One of the guys. That’s a far cry from how voters described Romney during the tumultuous GOP primaries. Now that he is their likely nominee and running an extremely close race against President Obama, Republicans are demonstrating fresh enthusiasm.
Instead of polite clapping, Romney’s campaign speech riffs are cheered with hoots and whistles and chants of “Rom-ney! Rom-ney!” As he builds to the crescendo in his remarks — saying it’s time to take the torch and hold it up high so the United States can again become “that shining city on a hill” — his words are drowned out with bursts of applause.
And when he steps off the stage to work the rope line, supporters reach out their hands six or eight deep. They put an arm over his shoulder, hug him or, as Barbara Morris did the other day in Milford, N.H., place their hands over his, look him in the eyes and say, “Bless you, Mitt.”
Barack Obama circa 2008 he is most certainly not. But Romney is campaigning with more confidence, in part because of his standing in the polls. While just 58 percent of Republicans viewed him favorably in mid-March, 78 percent had positive opinions in late May, according to Washington Post-ABC News polling.
Romney’s advisers argue that the state of the economy alone will decide the November election. But they acknowledge that Americans expect a level of zeal from their presidential candidates. They orchestrated a five-day bus tour for him through six battleground states to show him connecting with voters in a variety of settings.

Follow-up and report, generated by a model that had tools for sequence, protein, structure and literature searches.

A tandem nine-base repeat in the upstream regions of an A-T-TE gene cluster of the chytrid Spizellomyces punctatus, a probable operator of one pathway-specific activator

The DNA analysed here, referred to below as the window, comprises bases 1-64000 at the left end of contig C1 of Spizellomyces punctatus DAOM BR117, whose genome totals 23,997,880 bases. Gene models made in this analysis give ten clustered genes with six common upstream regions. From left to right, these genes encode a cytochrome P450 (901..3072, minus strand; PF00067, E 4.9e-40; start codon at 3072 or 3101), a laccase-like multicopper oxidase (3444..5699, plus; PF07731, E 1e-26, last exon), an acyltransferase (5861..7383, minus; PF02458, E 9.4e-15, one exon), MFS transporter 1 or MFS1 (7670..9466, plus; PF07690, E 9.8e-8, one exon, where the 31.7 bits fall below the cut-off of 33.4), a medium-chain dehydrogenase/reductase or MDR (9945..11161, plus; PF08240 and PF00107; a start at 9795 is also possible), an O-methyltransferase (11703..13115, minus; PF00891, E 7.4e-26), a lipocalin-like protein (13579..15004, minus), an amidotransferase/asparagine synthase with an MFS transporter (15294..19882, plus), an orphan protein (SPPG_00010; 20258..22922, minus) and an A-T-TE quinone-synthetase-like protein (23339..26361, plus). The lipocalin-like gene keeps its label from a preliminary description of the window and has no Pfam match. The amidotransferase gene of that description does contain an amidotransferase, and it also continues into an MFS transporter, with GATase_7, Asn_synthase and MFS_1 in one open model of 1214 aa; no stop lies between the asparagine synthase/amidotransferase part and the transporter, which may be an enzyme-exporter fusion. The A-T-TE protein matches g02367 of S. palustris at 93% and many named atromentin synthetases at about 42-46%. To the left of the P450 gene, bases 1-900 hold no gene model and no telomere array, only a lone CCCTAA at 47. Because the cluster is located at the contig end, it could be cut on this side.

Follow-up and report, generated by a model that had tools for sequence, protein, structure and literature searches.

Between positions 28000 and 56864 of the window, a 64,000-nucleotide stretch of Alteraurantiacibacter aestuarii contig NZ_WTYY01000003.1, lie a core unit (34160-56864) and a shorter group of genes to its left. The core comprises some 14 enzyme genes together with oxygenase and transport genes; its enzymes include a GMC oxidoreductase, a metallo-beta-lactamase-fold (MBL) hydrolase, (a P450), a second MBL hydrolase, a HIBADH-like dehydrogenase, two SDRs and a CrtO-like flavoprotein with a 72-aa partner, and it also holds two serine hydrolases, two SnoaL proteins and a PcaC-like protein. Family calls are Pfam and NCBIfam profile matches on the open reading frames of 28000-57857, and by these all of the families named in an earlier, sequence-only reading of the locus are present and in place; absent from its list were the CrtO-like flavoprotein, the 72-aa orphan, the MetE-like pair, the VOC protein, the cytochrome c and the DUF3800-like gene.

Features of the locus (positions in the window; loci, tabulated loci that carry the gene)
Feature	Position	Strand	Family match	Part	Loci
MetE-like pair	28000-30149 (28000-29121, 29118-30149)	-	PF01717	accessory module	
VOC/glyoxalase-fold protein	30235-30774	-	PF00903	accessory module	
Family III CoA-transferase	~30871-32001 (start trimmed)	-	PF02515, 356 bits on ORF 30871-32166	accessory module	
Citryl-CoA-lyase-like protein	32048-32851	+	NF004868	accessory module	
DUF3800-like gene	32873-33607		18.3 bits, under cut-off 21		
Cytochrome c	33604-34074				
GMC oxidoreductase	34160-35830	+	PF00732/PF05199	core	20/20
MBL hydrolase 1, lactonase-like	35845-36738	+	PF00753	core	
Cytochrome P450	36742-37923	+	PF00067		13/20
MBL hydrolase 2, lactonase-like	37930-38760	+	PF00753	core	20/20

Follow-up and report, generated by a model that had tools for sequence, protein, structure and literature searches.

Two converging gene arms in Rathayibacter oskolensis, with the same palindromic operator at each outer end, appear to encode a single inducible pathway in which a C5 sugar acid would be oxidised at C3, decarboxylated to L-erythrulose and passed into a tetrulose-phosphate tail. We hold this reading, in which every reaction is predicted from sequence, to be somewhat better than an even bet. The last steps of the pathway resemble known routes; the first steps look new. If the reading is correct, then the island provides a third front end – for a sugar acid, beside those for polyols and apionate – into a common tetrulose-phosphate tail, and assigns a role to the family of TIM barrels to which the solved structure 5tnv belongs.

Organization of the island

In a New Hampshire park, he scooped ice cream (mostly vanilla); along a Pennsylvania highway, he stopped by a Wawa convenience store for a meatball hoagie; in Ohio, he served pancakes at an apple orchard on Father’s Day; and along the Mississippi River in Iowa, he went on a riverboat cruise and briefly took the steering wheel for a photo op.
Tom Rath, a senior adviser to Romney, said the bus tour is a chance “to get out from behind the podium and talk to people.”
“It’s, ‘Here I am, this is the guy you see on TV, connect with me,’ ” Rath said. “That’s really important. We’ve got to demonstrate our comfort level in it and our ability to do well in this kind of setting.”
Romney is taking steps to energize his crowds. He has dropped lines that reveal hesitation — “If I’m lucky enough to get elected president” — and added a call-and-response. He asks crowds if they think the president has given a “fair shot” by increasing deficit spending, favoring organized labor over businesses and bailing out companies.